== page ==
Dance v East Kent University Hospitals NHS Foundation Trust & Ors  EWHC 2198 (SCCO)
It has been a while since most Practitioners have had arguments regarding the recoverability of After the Event Insurance Premiums. As a general concept, when the law changed in 2013, the arguments from paying parties regarding the recoverability of ATE Premiums fell away, despite the CPR confirming the “old style” rules still apply when a party is seeking to recover an ATE premium as part of that party’s costs.
The change in law in 2013 confirmed that the receiving party could no longer recover the ATE premium from the paying party, except in limited exceptions. Clinical Negligence cases are an exception, however the ATE premium recoverable can only be in relation to cover for the cost of liability and causation expert evidence. This is as per The Recovery of Costs Insurance Premiums in Clinical Negligence Proceedings (No. 2) Regulations 2013.
However, in the case of Dance, the Defendant sought to object to recovery of the ATE premium which was claimed in the Bill of Costs on two grounds:
- “In Cartwright v Venduct Engineering Limited  EWCA Civ 1654 “the Court of Appeal confirmed that a Part 36 offer or a Tomlin Order did not amount to an ‘order for costs’
- Regulation 3 of the 2013 Regulations provides that ‘a costs order made in favour of a party to clinical negligence proceedings who has taken out a costs insurance policy may include provision requiring the payment of an amount in respect of all or part of the premium of that policy’. It is therefore incumbent upon the party seeking costs to request the judge to include the necessary provision when making the order. If no such provision is included in the order, the cost of the premium will not be recoverable. The Civil Procedure Rule Committee decided that there was no need for any further rules in respect of ATE premiums in clinical negligence cases.”
With regards to the first point taken by the Defendant, CPR 44.9 confirms that a Costs Order is “deemed to have been made on the standard basis” when a Part 36 offer has been accepted. In any event, the case of Cartwright did not seek to address the issue of a Part 36 offer being an order for costs.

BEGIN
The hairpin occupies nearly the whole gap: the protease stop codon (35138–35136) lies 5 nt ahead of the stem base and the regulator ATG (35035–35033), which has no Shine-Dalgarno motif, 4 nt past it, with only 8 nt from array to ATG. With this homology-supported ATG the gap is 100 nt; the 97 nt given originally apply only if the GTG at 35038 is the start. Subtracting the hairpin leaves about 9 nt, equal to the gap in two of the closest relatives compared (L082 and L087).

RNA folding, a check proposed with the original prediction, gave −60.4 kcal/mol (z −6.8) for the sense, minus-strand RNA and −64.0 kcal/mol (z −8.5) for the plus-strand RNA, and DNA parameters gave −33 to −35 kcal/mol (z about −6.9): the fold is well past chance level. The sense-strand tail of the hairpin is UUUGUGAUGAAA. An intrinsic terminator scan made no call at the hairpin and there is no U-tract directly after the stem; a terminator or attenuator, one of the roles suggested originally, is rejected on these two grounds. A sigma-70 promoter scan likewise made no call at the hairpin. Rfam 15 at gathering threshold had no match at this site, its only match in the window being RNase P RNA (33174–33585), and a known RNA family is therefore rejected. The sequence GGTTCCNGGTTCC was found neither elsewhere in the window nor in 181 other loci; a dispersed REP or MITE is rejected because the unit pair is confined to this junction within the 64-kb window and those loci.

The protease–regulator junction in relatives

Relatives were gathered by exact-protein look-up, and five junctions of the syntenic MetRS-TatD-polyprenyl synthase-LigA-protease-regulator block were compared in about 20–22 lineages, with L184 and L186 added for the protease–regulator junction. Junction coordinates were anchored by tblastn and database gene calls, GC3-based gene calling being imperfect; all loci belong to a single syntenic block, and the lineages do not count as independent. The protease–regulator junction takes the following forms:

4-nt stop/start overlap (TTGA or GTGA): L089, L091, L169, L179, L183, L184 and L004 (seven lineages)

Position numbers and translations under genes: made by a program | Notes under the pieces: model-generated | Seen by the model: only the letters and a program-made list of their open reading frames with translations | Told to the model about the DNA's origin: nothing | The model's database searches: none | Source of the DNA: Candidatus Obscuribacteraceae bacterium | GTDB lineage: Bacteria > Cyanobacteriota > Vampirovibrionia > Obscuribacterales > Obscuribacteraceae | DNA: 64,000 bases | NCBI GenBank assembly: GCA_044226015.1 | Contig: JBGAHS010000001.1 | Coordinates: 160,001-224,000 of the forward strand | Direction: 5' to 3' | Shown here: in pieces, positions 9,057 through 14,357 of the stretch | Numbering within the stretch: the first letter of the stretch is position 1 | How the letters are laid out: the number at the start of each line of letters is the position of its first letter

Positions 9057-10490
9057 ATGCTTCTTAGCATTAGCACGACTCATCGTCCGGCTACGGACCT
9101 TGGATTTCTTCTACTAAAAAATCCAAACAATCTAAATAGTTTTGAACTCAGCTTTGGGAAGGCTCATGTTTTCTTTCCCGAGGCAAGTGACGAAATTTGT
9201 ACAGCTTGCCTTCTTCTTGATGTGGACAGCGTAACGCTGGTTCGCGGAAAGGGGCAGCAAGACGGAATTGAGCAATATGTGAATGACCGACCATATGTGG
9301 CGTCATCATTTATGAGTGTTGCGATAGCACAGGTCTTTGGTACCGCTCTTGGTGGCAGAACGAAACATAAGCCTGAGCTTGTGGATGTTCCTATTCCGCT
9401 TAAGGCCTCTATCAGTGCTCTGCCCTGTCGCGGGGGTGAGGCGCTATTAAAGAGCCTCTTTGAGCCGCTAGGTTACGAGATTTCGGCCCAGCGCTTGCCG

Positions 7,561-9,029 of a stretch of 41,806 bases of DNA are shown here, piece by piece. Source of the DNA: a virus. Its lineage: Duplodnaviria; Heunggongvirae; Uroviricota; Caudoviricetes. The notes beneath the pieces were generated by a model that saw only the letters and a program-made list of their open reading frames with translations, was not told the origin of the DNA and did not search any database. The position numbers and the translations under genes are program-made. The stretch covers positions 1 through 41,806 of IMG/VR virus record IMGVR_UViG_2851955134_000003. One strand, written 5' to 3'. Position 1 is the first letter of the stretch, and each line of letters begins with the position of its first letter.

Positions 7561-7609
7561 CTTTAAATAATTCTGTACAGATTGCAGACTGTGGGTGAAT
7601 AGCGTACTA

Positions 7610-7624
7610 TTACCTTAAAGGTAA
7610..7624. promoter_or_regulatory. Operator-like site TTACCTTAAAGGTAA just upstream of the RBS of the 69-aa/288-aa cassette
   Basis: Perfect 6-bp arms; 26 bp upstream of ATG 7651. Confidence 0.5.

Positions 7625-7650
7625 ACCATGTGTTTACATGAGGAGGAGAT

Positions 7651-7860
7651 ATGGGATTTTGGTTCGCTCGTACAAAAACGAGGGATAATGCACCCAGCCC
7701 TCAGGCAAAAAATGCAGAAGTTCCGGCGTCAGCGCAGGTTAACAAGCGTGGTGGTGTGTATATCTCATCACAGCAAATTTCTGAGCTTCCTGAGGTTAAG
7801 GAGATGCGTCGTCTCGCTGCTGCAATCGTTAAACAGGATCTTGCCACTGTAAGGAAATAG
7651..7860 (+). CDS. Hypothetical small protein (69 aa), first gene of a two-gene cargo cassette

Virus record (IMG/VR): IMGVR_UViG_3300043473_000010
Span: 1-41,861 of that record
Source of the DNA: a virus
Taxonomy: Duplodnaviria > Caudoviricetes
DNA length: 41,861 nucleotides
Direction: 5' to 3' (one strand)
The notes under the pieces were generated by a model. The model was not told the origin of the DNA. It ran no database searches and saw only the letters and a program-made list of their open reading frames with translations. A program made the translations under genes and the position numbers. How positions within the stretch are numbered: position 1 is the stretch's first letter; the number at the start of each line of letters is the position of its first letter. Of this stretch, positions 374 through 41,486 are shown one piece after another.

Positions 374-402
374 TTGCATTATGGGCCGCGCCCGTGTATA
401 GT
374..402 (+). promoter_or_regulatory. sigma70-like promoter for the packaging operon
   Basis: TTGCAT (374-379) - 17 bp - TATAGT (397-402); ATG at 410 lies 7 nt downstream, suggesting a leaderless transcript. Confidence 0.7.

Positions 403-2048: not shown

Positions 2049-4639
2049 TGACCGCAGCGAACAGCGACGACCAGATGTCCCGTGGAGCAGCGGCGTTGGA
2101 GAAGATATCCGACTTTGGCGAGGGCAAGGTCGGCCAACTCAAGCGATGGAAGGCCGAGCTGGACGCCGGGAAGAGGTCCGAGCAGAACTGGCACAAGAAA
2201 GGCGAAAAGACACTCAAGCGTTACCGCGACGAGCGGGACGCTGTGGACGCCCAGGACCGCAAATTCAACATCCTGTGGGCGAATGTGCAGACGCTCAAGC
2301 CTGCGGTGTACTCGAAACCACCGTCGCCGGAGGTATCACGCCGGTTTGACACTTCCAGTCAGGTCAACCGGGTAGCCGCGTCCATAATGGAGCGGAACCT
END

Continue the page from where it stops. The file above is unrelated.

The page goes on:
That issue addressed was whether a Tomlin Order was “an Order for Damages and interest made in favour of the Claimant” under CPR 44.14 (the QOCS Provisions). Whilst it was held a Part 36 offer was not an Order for damages, the issue of whether acceptance of a Part 36 created a costs Order was not addressed. If the Defendant’s point was correct on this issue, then it would mean any case settling by Part 36 would leave the receiving party without an Order for Costs, meaning they could not proceed to Detailed Assessment.
It is unsurprising that Master Leonard disregarded this point. From the Judgment it is also confirmed that the Defendant’s Counsel, Dr Friston, did not press the point either. It would be difficult to conceive the wide-reaching ramifications should the Defendant have succeeded on the point.
Turning to the second point, the Defendant relied upon an editorial note in the White Book and the wording of the relevant legislation as being permissive. The Regulations, as stated above confirmed at Regulation 3 that “a costs order made in favour of a party to clinical negligence proceedings who has taken out a costs insurance policy may include provision requiring the payment of an amount in respect of all or part of the premium of that policy if…”
The editorial note in the White Book confirmed:
“It is therefore incumbent upon the party seeking costs to request the judge to include the necessary provision when making the order. If no such provision is included in the order, the cost of the premium will not be recoverable. The Civil Procedure Rule Committee decided that there was no need for any further rules in respect of ATE premiums in clinical negligence cases.”
It was decided by Master Leonard that the Regulations did not create an exception to the normal rule that “costs” under CPR 44.1 included the ATE premium, as per McMenemy v Peterborough and Stamford Hospitals NHS Trust  EWCA Civ 1941. As such the ATE premium was recoverable under the costs Order.
Master Leonard confirmed that the Regulations were naturally permissive, which would allow the Court to disallow recoverability of the ATE premium upon Detailed Assessment.
“It follows that a recoverable ATE premium will, subject to the normal principles on the assessment of costs, be recoverable under any order for costs (whether deemed or actual) without any need for the order, CPR Part 36, or any other part of the CPR to make further provision.”
Master Leonard also concluded that he disagreed with the commentary in the White Book with regards to their editorial note. The ATE premium was therefore allowed as claimed in the sum of £5,266.01.